Corruption is an abuse of power at every level that impacts rich and poor countries alike, in both the private and public sectors. Corruption undermines development, erodes confidence in democratic institutions, and facilitates transnational crime, including organized crime and terrorism. It distorts markets, discourages investors, and stunts economic growth. And it is particularly destructive to communities in developing countries, where it blocks development and progress.
That is why, fourteen years ago, the United Nations General Assembly adopted the UN Convention Against Corruption, the UNCAC, as a new global legal framework for preventing and combating corruption.
“Our frameworks, laws, and policies – and related international cooperation – are undoubtedly better today compared to 2005. However, our job is not finished,” said Acting Principal Deputy Assistant Secretary for International Narcotics and Law Enforcement Affairs James A. Walsh at the 7th Conference of States Parties to the UNCAC.
The Convention “provides us a common basis to take all the necessary steps to prevent and combat corruption if we have enough political will and use the treaty effectively,” said Mr. Walsh.
Indeed, the United States is fully committed to supporting and implementing the UN Convention against Corruption, both internationally and domestically. “In 2016, the United States had a record year for enforcement of the Foreign Corrupt Practices Act against corporate defendants, to include final enforcement actions against 28 multinational companies,” said Mr. Walsh.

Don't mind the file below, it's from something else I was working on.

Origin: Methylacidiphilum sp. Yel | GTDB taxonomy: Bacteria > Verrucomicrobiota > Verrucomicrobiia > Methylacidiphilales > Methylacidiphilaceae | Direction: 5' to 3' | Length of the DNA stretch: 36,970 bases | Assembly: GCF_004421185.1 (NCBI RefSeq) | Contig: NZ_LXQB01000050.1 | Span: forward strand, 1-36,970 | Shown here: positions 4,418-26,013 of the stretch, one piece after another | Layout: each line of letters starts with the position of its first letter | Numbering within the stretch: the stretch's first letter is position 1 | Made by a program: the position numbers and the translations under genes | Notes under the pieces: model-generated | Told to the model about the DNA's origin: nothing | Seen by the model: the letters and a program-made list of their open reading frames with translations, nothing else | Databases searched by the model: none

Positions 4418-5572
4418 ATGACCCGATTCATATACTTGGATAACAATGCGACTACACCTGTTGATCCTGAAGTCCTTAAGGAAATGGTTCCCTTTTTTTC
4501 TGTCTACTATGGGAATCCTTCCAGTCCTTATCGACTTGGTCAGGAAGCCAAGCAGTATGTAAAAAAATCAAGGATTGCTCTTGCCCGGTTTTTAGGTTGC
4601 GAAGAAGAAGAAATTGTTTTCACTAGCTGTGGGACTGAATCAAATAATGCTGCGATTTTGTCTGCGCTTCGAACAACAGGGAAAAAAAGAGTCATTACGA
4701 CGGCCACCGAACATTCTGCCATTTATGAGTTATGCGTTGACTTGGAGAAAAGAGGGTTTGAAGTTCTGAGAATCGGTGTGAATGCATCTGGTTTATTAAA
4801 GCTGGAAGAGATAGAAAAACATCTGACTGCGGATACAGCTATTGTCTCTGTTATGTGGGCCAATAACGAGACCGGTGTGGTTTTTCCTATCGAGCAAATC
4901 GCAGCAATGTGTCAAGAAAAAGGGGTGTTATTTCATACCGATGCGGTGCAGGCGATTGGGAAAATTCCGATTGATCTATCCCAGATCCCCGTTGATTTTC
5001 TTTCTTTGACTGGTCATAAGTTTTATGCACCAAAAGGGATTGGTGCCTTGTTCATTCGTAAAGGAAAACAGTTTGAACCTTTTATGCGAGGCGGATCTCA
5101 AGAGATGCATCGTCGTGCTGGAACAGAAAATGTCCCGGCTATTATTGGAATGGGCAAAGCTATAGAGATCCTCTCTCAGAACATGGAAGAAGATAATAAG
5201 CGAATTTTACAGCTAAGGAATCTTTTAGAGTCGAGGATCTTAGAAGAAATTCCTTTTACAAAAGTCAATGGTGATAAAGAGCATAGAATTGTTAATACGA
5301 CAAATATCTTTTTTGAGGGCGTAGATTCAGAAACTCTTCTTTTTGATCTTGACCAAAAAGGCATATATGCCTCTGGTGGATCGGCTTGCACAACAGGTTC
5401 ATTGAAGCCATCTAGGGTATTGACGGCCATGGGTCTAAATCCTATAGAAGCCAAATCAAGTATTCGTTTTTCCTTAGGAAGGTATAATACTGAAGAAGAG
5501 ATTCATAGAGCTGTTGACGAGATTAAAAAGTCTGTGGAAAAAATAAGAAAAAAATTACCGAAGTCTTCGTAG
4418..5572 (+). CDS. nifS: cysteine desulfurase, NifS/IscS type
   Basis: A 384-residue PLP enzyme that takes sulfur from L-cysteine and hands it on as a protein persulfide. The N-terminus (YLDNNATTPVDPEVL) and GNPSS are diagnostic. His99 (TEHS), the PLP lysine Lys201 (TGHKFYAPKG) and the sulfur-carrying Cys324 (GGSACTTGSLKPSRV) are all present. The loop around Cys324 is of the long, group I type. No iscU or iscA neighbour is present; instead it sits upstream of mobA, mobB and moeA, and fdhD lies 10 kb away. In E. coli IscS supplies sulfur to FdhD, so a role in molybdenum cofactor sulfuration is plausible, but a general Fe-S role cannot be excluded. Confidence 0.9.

The United States also targets ill-gotten gains. Working with our international partners, and through the Department of Justice’s Kleptocracy Asset Recovery Initiative, since 2010, the United States has seized or frozen over 3 billion dollars in corruption-related proceeds and so far, has returned over 150 million dollars of it. Another 30 million dollars is in process.
“As we implement the [UN Convention against Corruption], we must also draw on all sectors of society to fight corruption, including civil society organizations and the private sector,” said Mr. Walsh. “Good-faith efforts by the United States or any single country will never be enough: we all must work together to adopt and enforce international standards of integrity, accountability, and transparency.”